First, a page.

European Affairs

Rough Water Ahead in the Atlantic     Print Email

The outlook for U.S.-EU trade relations for the rest of 2005 is not encouraging. Some may consider this forecast unduly pessimistic, but a realistic assessment would have to include four main reasons why Transatlantic trade relations may be entering rough water.

Firstly, we must not forget that trade, in macroeconomic terms, is only a function of many more important factors, including savings and investment. And the major imbalances in the world economy, in terms of saving and investment, are not going to be easily corrected. The decline in the dollar that the U.S. Administration has clearly supported is not going to solve the problem. Each time the dollar falls; European exports and economic growth rates suffer, making it even more difficult for the United States to grow its way out of the imbalances.

Secondly, we face major difficulties in the negotiations on the Doha Development Agenda. In one respect, the United States can perhaps be congratulated for turning the Agenda into what it wanted all along - a round of negotiations on market access - as opposed to an effort to put a broader regulatory system in place in Geneva.

There is only one problem - there is not, for the time being, a Doha Development Agenda. There is a Doha Agricultural Agenda. The aim of improving market access for non-agricultural products seems to be disappearing, and there is no agreement on the way ahead. There has been no progress on services, and a number of developing countries want to limit the Doha negotiations exclusively to agriculture.

Thirdly, we face some worrying bilateral Transatlantic trade disputes. It has become a cliché that these disputes involve only two to three percent of total U.S.-EU trade. And that is fine as long as the conflicts concern obscure issues such as the U.S. Anti-Dumping Act of 1916 or the tax treatment of U.S. exporting companies, because hardly anybody in Europe has ever heard of these problems.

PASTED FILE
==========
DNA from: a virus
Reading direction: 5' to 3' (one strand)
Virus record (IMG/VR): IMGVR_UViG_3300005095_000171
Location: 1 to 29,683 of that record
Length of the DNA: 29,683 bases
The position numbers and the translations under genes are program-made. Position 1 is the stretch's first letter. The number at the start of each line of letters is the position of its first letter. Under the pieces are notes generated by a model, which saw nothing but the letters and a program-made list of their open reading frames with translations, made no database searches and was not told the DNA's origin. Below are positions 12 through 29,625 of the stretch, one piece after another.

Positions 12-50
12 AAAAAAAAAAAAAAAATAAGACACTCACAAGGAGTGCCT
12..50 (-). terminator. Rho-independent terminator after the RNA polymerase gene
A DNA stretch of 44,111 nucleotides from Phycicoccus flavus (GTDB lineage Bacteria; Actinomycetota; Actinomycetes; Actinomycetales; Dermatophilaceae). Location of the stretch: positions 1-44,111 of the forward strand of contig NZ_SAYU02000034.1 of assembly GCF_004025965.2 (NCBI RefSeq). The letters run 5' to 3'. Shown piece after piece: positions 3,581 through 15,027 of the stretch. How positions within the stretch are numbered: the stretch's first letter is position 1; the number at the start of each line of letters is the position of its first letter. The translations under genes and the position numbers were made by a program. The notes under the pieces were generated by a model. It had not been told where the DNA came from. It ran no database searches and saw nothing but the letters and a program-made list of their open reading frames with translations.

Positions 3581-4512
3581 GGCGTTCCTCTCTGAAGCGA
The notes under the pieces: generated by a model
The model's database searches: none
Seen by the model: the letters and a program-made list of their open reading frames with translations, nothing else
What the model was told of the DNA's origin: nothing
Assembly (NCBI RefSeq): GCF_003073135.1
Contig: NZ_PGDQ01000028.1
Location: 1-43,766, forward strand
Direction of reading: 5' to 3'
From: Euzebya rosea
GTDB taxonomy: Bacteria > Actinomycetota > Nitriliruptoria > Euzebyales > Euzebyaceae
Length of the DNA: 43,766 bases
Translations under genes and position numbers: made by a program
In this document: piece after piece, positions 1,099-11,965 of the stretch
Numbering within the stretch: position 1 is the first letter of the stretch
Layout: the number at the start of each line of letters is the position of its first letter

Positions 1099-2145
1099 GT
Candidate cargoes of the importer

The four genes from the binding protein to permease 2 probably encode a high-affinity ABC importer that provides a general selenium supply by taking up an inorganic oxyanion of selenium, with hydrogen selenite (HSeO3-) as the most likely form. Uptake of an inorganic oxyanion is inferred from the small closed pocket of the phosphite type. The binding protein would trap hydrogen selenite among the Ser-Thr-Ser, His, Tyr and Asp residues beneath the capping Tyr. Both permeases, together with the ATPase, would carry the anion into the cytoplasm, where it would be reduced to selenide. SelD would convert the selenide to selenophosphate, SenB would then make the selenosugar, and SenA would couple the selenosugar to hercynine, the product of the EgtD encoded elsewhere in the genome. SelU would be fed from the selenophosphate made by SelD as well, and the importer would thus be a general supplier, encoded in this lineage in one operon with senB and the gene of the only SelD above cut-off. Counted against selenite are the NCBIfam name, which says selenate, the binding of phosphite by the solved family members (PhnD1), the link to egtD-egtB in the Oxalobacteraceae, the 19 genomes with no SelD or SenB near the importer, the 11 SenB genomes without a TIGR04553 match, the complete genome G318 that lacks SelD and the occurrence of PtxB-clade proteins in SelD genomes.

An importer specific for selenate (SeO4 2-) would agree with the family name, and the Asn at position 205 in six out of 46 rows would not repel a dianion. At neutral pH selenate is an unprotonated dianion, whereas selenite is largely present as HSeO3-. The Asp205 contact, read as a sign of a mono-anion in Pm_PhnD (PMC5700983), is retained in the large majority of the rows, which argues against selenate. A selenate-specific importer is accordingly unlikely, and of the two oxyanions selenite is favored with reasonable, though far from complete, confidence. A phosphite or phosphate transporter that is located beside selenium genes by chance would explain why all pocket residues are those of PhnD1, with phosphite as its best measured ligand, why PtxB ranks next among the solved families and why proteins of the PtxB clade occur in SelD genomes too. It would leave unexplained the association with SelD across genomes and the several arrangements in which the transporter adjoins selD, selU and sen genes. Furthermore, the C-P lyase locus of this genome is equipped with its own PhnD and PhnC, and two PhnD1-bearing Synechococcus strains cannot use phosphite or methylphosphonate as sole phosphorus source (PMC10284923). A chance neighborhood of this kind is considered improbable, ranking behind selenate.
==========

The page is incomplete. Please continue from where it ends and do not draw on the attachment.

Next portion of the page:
That is not true, however, of some of the issues we face now. Vast numbers of Europeans have strong views about the conflict over genetically modified organisms (GMOs), and many of them know about the dispute between Airbus and Boeing, which are both household names. Then there is the little fight we are going to have over pharmaceutical prices.When Europeans learn that Washington wants them to pay higher prices for their drugs because there is no price control in the United States, it is not going to be easy to explain to them why they should do so. In disputes such as these, people on both sides of the Atlantic are convinced that they are right and that God is on their side.

Fourthly, we generally agree that the key to healthier Transatlantic relations is to improve the coordination of our regulatory regimes. The only problem is that U.S. companies believe that Europe is over-regulated, while we think that the United States is under-regulated – for example on GMOs and controversial medicines such as Vioxx. Europeans tend to believe that regulatory regimes are not only a matter for bureaucrats and technicians. They reflect the values of different societies, and when those values differ, disputes about them are not easy to resolve.

Jean-Francois Boittin is the Minister-Counselor for Economic and Commercial Affairs at the Embassy of France in Washington.


This article was published in European Affairs: Volume number 6, Issue number 1-2 in the Winter/Spring of 2005.

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